UPR unions to governor: Include retirement plan bill in extraordinary session
By Pedro Correa Henry
Special to The Star
At least six syndicates from the University of Puerto Rico (UPR) sat in front of the Capitol on Thursday to demand that Gov. Wanda Vázquez Garced include House Resolution 2572 in an extraordinary session to seek its approval.
More than 19,000 active and retired employees from the higher education institution are still waiting to see if both the island House and Senate approve the bill as it was endorsed by all of the legislators. Retirement System Board President Eduardo Berríos said it is still a surprise that the Senate did not approve a bill that protects the university’s retirement system, as he said it was one of the most sustainable such systems of any public agency.
“This bill was left pending in the last extraordinary session by the Senate. The bill, which was authored by [Rep. María de] Lourdes Ramos, was approved unanimously by the House of Representatives. This picks up what Resolution 655 had included, which was approved by both the House and the Senate, yet it was vetoed by the governor,” Berríos said. “This bill was born after university members felt the need to protect the trust of the Retirement System with defined benefits and to protect it from a governing board, or the Financial Oversight and Management Board, who want to dismantle it and turn it into a 401k trust fund.”
Puerto Rican Association of University Professors President Ángel Rodríguez said meanwhile that the bill benefits all personnel from managers to handymen, as the university’s retirement system has been functioning under experts from the Retirement System Board, an arrangement that he says keeps it transparent and auditable. On the other hand, if the governing board assumes control of the system, they are not under the obligation to negotiate with members about the decisions that would take place.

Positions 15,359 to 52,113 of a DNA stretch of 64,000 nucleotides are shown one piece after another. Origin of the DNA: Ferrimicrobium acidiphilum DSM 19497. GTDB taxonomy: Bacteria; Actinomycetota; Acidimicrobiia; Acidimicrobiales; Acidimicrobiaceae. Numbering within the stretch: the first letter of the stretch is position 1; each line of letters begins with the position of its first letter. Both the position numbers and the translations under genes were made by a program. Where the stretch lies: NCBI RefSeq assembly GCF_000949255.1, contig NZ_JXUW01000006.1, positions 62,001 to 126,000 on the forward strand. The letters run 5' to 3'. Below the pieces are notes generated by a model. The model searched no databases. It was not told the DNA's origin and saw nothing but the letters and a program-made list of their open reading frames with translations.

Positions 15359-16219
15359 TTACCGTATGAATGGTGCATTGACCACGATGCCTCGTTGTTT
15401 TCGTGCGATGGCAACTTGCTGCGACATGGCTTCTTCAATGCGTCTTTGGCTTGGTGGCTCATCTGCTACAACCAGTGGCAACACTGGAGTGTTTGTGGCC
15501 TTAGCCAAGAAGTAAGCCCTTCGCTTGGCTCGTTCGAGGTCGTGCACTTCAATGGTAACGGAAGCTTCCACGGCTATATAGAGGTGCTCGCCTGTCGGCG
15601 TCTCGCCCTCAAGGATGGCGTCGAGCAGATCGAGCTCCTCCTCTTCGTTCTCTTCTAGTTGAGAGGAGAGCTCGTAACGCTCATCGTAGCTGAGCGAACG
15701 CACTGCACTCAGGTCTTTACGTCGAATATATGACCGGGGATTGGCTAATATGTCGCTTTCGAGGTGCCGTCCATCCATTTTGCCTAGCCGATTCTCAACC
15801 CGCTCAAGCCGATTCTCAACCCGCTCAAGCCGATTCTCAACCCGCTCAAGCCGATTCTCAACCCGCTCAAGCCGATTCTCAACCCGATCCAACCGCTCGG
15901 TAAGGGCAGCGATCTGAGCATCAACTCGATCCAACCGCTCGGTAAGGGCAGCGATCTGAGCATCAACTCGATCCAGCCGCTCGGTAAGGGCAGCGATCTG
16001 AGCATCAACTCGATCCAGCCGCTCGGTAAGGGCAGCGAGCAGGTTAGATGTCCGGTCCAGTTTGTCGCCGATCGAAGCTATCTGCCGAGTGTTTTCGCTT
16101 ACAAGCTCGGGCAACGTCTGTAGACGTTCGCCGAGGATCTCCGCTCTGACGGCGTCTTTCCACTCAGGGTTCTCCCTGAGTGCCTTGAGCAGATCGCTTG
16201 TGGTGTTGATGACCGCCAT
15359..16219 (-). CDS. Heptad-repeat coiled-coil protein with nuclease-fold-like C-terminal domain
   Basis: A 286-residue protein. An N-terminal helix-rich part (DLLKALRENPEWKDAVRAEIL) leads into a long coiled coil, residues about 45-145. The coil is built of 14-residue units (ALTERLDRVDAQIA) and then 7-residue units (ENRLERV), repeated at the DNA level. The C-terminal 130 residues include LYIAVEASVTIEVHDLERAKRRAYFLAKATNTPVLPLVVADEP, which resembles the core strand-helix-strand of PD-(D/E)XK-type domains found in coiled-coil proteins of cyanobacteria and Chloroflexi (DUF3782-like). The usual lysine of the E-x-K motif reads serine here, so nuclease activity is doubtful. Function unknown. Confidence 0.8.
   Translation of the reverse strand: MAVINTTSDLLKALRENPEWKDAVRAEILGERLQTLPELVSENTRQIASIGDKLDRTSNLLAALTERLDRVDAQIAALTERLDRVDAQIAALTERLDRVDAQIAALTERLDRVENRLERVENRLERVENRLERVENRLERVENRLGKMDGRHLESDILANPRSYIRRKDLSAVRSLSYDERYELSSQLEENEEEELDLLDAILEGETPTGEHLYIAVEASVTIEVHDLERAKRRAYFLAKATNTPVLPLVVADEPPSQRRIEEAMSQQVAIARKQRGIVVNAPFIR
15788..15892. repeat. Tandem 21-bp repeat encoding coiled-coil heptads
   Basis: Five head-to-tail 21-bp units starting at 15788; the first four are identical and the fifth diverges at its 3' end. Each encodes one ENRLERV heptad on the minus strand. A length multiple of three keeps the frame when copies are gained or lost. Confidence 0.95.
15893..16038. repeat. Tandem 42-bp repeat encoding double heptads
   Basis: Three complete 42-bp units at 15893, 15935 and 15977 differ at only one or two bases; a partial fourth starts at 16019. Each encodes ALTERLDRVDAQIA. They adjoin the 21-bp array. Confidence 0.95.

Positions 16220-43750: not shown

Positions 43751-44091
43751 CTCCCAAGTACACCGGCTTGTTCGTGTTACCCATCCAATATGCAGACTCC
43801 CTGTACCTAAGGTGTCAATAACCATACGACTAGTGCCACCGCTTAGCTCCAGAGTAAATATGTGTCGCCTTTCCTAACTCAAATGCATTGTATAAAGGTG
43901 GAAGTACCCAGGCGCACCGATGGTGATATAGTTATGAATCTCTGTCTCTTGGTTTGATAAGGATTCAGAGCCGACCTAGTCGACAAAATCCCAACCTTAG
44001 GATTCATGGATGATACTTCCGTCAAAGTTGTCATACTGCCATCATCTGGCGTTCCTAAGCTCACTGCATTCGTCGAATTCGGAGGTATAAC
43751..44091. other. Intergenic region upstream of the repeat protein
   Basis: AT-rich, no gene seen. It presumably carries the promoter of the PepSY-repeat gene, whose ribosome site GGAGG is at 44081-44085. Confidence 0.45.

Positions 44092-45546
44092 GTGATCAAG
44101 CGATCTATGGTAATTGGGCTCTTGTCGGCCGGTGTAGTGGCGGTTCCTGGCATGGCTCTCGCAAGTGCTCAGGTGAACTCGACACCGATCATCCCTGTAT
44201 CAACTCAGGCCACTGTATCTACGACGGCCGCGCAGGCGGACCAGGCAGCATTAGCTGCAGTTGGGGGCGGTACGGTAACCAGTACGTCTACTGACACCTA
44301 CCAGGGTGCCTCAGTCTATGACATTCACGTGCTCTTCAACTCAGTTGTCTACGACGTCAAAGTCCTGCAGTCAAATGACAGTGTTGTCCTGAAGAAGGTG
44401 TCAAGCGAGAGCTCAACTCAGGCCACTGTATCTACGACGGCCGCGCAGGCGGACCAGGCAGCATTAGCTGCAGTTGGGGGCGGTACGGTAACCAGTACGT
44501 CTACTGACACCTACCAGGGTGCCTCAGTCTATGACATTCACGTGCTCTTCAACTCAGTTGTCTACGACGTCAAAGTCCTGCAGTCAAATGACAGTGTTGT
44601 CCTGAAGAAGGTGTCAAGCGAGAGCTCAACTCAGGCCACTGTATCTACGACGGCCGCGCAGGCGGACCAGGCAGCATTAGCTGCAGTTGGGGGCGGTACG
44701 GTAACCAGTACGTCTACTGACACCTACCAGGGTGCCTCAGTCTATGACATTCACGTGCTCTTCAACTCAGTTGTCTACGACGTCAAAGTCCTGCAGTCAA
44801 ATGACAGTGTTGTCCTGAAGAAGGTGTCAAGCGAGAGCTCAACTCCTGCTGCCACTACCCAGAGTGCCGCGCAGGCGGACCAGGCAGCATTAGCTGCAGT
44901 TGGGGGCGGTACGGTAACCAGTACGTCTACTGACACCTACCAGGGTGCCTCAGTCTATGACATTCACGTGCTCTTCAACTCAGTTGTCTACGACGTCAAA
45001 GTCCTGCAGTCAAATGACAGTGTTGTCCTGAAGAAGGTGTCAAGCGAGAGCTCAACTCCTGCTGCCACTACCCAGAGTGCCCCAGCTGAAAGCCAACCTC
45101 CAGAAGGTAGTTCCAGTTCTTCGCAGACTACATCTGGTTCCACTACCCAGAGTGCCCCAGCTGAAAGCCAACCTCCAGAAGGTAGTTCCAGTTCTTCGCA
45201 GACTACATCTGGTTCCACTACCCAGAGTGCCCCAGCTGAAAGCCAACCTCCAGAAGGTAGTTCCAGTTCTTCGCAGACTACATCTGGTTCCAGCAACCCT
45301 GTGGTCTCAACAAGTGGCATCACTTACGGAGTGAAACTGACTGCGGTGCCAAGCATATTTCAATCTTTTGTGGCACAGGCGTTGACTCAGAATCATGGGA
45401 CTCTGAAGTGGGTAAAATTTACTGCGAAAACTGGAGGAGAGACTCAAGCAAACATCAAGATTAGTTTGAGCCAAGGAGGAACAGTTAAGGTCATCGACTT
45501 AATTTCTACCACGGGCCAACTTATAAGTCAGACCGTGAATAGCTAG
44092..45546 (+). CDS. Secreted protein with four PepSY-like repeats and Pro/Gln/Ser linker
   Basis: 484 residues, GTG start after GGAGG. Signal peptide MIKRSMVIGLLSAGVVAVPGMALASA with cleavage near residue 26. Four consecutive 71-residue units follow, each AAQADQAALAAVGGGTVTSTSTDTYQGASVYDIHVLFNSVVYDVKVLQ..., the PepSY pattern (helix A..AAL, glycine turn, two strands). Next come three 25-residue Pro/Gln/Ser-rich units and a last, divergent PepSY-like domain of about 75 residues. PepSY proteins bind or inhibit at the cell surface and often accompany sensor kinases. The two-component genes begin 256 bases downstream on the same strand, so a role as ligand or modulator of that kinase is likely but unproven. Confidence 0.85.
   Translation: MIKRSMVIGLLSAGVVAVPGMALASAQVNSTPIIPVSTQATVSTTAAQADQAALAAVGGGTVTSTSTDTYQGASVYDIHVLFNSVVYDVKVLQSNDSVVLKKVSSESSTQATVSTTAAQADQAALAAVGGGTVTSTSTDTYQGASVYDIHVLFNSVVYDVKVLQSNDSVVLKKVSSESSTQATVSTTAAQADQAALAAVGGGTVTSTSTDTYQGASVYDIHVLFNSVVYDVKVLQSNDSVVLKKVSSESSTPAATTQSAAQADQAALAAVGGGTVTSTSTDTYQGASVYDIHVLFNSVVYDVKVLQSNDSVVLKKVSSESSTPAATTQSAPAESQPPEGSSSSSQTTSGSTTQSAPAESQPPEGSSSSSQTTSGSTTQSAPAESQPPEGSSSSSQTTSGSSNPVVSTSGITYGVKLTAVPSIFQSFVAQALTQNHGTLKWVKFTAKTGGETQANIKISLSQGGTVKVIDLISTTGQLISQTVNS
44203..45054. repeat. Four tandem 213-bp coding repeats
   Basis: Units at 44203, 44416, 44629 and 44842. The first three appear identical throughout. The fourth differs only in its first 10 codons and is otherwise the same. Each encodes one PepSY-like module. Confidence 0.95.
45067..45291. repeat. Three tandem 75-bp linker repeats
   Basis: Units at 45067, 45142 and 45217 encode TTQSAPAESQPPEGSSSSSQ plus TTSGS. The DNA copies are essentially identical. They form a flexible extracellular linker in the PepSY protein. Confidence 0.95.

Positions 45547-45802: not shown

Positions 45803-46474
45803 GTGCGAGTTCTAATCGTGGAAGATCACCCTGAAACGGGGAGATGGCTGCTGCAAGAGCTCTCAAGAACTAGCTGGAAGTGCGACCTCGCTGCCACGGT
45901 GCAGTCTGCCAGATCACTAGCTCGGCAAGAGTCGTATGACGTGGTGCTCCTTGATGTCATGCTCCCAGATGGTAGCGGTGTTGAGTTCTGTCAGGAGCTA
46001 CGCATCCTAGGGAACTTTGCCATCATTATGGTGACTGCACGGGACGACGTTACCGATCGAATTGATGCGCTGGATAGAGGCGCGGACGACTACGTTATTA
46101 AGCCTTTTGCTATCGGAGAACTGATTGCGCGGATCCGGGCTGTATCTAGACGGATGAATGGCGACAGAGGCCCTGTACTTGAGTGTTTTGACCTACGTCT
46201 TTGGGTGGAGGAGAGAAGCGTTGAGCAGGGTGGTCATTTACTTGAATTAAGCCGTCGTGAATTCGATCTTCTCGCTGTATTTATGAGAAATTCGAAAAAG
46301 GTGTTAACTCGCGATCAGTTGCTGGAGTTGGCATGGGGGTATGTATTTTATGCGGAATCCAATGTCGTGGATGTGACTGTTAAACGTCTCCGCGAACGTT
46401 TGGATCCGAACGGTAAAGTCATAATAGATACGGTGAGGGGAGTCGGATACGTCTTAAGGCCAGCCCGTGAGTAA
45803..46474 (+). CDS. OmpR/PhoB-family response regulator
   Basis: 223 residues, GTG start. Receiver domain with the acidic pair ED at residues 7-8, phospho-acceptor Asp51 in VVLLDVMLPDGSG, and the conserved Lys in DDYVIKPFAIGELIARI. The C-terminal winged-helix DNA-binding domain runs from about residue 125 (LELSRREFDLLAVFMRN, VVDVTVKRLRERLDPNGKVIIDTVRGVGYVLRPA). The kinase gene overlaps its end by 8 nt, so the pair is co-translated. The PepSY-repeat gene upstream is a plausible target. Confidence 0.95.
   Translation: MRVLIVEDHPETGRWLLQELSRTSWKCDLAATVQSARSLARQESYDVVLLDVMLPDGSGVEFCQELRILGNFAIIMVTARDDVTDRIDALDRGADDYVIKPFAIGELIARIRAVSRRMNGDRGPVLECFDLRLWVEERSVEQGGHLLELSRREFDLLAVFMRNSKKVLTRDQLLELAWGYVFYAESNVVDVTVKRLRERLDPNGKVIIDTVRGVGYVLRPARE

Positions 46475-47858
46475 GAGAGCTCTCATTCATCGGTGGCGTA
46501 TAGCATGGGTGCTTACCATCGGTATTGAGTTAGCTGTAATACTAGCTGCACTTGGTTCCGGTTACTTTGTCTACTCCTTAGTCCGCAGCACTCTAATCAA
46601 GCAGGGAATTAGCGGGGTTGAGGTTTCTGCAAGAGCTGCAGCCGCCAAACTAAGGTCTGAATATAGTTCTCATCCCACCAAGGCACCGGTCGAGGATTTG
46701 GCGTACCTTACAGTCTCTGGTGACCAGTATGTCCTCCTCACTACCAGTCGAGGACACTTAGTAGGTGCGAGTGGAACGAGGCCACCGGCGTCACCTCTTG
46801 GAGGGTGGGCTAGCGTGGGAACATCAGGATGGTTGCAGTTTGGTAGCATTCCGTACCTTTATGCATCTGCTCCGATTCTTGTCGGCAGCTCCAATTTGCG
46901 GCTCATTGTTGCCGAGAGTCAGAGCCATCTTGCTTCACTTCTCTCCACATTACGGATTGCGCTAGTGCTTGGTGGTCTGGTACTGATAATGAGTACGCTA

“[The governing board] has already tried making fundamental changes to the [retirement] system, such as increasing the retirement age and changing the defined benefits, which means how much an employee will be compensated once they retire, to a defined contribution, which puts your contributions into a stock exchange and, once you retire, you will not know if you will be rewarded or not,” Rodríguez said.
When The Star asked what the unions would do if the governor were to resign due to ongoing controversies, Brotherhood of Non-Academic Employees spokesperson Janelle Santana said this was a chance for either the governor or the system to make an honest and valuable choice.
“We must mention that we have been looking for a draft consensus. Basically, we have everyone who represents the employees of the university: faculty members, non-academics, managers, and retirees, who are the most important, supervisors and directors,” Santana said. “If we endorse this bill, it is because we see that the [retirement] system works.”